Ion irradiation improves magnetic domain wall conduction

Ga+ ions produced by focused ion beam (FIB) tools are typically used to pattern materials down to the nanoscale. In this work, we have used them differently: by gently irradiating magnetic nanowires, we can substantially improve the conduction of magnetic…

Ga+ ions produced by focused ion beam (FIB) tools are typically used to pattern materials down to the nanoscale. In this work, we have used them differently: by gently irradiating magnetic nanowires, we can substantially improve the conduction of magnetic domain walls along them.

FIB-SEM system located at the Laboratory of Advanced Microscopies

Domain walls are areas in magnetic nanowires with a typical size of tens of nanometres that separate regions of different magnetic orientation. In the last decade, the use of magnetic domain walls to encode binary information and to perform logic operations has been proposed; this is why researchers look for their better control and integration.

When domain walls are created inside nanowires, these act as magnetic roads with the walls driven by magnetic fields or electrical currents. One of the problems with this technology is that the small difference between the magnetic field needed to propagate an existing domain wall and the field needed to nucleate a new one can result in the loss of the encoded information.

In the present work, this problem is circumvented by Ga+ ion irradiation. Surprisingly, we have found that a shower of highly energetic Ga+ ions in the appropriate dose enlarges the operating margin of these devices up to a factor of 9. This is due to an increase of the domain wall nucleation field whilst the propagation field is hardly affected.

This has been observed in cobalt nanowires grown by focused electron beam induced deposition (FEBID) and the proposed origin of the effect is twofold. On the one hand, the profile of the wires becomes steeper; on the other hand, the microstructure of the top part of the wire is strongly affected. Global ion irradiation is thus found to be a good way to improve the performance of domain wall-based devices. This discovery could have potential applications in magnetic racetrack memories.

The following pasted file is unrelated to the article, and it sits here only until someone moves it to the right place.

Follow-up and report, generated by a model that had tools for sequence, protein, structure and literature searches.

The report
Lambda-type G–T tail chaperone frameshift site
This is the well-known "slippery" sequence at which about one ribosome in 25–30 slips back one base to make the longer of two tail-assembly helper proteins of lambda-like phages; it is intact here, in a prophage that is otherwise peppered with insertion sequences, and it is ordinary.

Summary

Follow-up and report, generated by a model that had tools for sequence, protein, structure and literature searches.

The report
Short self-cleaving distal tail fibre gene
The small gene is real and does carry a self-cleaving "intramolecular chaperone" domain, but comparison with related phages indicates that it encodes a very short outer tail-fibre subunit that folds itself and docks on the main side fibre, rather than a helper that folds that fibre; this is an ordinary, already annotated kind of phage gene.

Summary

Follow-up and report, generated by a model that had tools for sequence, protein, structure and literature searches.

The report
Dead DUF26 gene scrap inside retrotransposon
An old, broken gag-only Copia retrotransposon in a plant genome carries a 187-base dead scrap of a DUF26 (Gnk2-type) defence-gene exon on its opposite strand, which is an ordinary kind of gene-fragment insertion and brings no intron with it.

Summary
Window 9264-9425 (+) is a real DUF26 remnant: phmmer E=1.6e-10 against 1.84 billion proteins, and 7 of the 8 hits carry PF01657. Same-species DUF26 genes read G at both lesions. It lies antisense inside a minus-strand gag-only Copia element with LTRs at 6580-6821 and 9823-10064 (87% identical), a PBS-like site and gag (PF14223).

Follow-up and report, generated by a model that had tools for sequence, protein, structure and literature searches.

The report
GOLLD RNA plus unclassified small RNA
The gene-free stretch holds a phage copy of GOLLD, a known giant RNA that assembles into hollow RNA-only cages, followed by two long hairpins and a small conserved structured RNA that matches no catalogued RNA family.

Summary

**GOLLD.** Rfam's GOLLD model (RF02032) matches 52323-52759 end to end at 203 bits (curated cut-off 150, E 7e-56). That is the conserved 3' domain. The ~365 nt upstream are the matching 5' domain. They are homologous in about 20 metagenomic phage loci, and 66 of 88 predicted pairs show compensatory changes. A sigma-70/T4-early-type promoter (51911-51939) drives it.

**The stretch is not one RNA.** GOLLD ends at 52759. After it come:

Fabrication and characterization

We have used a FIB-SEM system located at the Laboratory of Advanced Microscopies (LMA) at the University of Zaragoza to grow the cobalt nanowires and irradiate them. The growth and subsequent irradiation were performed without breaking the chamber vacuum, which made it possible to systematically study the influence of ion irradiation on the magnetic properties of the wires.

The behaviour of the magnetic domain walls was examined using a Magneto-optical Kerr effect system at the Cavendish Laboratory, University of Cambridge, designed to measure magnetic nanostructures.

Next steps

The important changes to the magnetic properties of the wires observed after ion irradiation has aroused our curiosity. In order to fully understand the mechanisms behind these effects further experiments are in progress to measure the magnetic behavior of the wires by means of Lorentz Microscopy.

This technique uses electrons to image magnetic configurations at the nanoscale. These experiments will be done by applying in situ magnetic fields inside the TEM, which will permit the direct observation of nucleation and propagation of domain walls in cobalt wires.

More information can be found in the journal Nanotechnology 24 345703.

Further reading

Racetrack memory nears the finish line (Jan 2011)

About the author
This work has been performed via a collaboration of laboratories in Zaragoza (Spain) and Cambridge (UK). The work was supervised by Prof. José M De Teresa from ICMA (CSIC-University of Zaragoza) and Dr Amalio Fernández-Pacheco from the TFM Group, Cavendish Laboratory at the University of Cambridge. The PhD student Luis Serrano-Ramón carried out most of the experimental work, using extensively the premises of the LMA at INA (University of Zaragoza). Other co-authors of the work are Dr Rosa Córdoba, Dr César Magen, MSc, Luis A Rodríguez and Prof. Ricardo Ibarra from Zaragoza, and Dr Dorothée Pétit and Prof. Russell Cowburn from Cambridge.